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Characteristics

Physical

Zinc, also referred to in nonscientific contexts as spelter, [encyclo.co.uk] is a bluish-white, lustrous, diamagnetic metal, [CRC 2006] though most common commercial grades of the metal have a dull finish. [Heiserman 1992]:123 It is somewhat less dense than iron and has a hexagonal crystal structure. [Lehto 1968]:826

The metal is hard and brittle at most temperatures but becomes malleable between 100 and 150 °C.[CRC 2006] [Heiserman, 1992:123] Above 210 °C, the metal becomes brittle again and can be pulverized by beating. [Scoffern 1861] Zinc is a fair conductor of electricity. [CRC 2006] For a metal, zinc has relatively low melting (420 °C) and boiling points (900 °C). [galvanizeit.org] Its melting point is the lowest of all the transition metals aside from mercury and cadmium. [galvanizeit.org]

Many alloys contain zinc, including brass, an alloy of zinc and copper. Other metals long known to form binary alloys with zinc are aluminium, antimony, bismuth, gold, iron, lead, mercury, silver, tin, magnesium, cobalt, nickel, tellurium and sodium. [Ingalls 1902] While neither zinc nor zirconium are ferromagnetic, their alloy ZrZn2 exhibits ferromagnetism below 35 K. [CRC 2006]

Occurrence

Zinc makes up about 75 ppm (0.007%) of the Earth's crust, making it the 24th most abundant element there. [Emsley 2001]:503 Soil contains 5–770 ppm of zinc with an average of 64 ppm.[Emsley 2001]:503 Seawater has only 30 ppb zinc and the atmosphere contains 0.1–4 µg/m3. [Emsley 2001]:503

A black shiny lump of solid with uneven surface.

The element is normally found in association with other base metals such as copper and lead in ores.[Lehto 1968]:822 Zinc is a chalcophile ("sulfur loving"), meaning the element has a low affinity for oxygen and prefers to bond with sulfur in highly insoluble sulfides. Chalcophiles formed as the crust solidified under the reducing conditions of the early Earth's atmosphere. [Greenwood 1997]:1202 Sphalerite, which is a form of zinc sulfide, is the most heavily mined zinc-containing ore because its concentrate contains 60–62% zinc. [Lehto 1968]:822

Other minerals, from which zinc is extracted, include smithsonite (zinc carbonate), hemimorphite (zinc silicate), wurtzite (another zinc sulfide), and sometimes hydrozincite (basic zinc carbonate).[Emsley 2001]:502 With the exception of wurtzite, all these other minerals were formed as a result of weathering processes on the primordial zinc sulfides. [Greenwood 1997]:1202

World zinc resources total about 1.8 gigatonnes.[usgs.gov 2009] Nearly 200 megatonnes were economically viable in 2008; adding marginally economic and subeconomic reserves to that number, a total reserve base of 500 megatonnes has been identified. [usgs.gov 2009] Large deposits are in Australia, Canada and the United States.[Greenwood 1997]:1202 At the current rate of consumption, these reserves are estimated to be depleted sometime between 2027 and 2055.[Cohen 2007] [idtechex.com] About 346 megatonnes have been extracted throughout history to 2002, and one estimate found that about 109 megatonnes of that remains in use. [Gordon 2006]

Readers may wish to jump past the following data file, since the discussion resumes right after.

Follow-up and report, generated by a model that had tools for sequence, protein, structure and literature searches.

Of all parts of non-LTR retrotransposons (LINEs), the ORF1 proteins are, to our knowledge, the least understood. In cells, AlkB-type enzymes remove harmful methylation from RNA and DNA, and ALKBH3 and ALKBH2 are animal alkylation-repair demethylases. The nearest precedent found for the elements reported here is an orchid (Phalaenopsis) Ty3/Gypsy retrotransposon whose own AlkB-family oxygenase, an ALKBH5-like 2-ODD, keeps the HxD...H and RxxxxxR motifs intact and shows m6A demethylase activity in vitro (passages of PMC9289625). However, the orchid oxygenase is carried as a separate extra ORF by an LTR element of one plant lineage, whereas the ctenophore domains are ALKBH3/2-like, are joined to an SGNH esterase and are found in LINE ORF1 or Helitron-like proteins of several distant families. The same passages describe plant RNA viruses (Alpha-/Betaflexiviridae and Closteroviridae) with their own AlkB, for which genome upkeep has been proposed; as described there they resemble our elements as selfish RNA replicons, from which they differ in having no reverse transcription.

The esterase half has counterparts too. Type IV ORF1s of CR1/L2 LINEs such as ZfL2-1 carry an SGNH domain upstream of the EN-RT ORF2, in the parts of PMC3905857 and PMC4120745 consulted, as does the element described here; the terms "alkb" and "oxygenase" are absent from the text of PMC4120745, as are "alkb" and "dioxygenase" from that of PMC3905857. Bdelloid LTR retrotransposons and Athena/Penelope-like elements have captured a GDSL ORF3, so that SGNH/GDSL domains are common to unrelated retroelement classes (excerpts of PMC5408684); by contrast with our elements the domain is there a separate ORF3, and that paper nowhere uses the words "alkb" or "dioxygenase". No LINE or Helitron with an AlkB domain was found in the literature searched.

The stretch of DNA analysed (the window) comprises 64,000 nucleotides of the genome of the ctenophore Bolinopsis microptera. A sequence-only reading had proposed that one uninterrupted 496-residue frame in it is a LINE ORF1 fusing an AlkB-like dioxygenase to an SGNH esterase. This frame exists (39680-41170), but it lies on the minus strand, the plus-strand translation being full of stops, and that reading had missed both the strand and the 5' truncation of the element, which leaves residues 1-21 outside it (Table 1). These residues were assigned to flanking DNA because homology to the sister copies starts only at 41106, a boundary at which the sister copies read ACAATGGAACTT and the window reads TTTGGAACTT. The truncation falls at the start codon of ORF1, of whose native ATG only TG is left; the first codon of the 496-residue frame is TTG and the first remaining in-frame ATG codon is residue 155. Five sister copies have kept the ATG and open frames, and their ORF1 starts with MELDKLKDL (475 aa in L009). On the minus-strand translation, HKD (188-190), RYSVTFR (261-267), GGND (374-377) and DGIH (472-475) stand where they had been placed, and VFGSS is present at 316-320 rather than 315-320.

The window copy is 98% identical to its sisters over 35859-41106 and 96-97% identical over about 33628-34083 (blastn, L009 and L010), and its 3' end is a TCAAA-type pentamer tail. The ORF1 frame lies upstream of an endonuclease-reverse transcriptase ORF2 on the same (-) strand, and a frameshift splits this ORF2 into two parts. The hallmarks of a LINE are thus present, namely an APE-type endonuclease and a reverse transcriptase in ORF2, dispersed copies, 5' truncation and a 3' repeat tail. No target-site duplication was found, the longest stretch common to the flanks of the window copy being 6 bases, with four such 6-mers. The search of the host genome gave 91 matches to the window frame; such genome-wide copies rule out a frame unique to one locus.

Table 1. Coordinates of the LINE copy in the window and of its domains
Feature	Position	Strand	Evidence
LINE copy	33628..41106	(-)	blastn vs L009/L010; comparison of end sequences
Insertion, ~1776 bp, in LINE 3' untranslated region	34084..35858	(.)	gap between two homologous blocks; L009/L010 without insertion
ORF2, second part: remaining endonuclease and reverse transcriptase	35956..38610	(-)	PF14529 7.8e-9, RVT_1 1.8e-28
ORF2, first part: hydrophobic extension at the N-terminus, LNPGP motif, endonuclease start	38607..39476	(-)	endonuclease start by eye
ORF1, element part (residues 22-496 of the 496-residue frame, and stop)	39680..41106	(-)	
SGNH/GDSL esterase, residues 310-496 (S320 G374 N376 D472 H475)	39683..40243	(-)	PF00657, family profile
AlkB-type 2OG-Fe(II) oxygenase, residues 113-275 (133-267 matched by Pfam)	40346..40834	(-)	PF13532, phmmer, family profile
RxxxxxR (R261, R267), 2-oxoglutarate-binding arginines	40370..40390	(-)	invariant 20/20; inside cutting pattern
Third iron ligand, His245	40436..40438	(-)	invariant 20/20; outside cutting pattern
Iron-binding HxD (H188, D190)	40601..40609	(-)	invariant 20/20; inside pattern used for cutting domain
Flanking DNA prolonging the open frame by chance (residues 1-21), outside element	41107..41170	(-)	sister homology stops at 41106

Biological role

Zinc is an essential trace element, necessary for plants,[Broadley 2007] animals, [Prasad 2008] and microorganisms.[Sugarman 1983] Zinc is found in nearly 100 specific enzymes [NRC 2000]:443 (other sources say 300), serves as structural ions in transcription factors and is stored and transferred in metallothioneins.[Cotton 1999]:625–629 It is "typically the second most abundant transition metal in organisms" after iron and it is the only metal which appears in all enzyme classes.[Broadley 2007]

There are 2–4 grams of zinc[Rink 2000] distributed throughout the human body. Most zinc is in the brain, muscle, bones, kidney, and liver, with the highest concentrations in the prostate and parts of the eye.[Wapnir 1990]:131 Semen is particularly rich in zinc, which is a key factor in prostate gland function and reproductive organ growth.[Berdanier 2007]:210

In humans, zinc plays "ubiquitous biological roles".[Hambridge 2007] It interacts with "a wide range of organic ligands",[Hambridge 2007] and has roles in the metabolism of RNA and DNA, signal transduction, and gene expression. It also regulates apoptosis. A 2006 study estimated that about 10% of human proteins (2800) potentially bind zinc, in addition to hundreds which transport and traffic zinc; a similar in silico study in the plant Arabidopsis thaliana found 2367 zinc-related proteins.[Broadley 2007]

In the brain, zinc is stored in specific synaptic vesicles by glutamatergic neurons [Bitanihirwe 2009] and can "modulate brain excitability".[Hambridge 2007] It plays a key role in synaptic plasticity and so in learning.[Nakashima 2009] However it has been called "the brain's dark horse"[Bitanihirwe 2009] since it also can be a neurotoxin, suggesting zinc homeostasis plays a critical role in normal functioning of the brain and central nervous system.[Bitanihirwe 2009]

Bibliography


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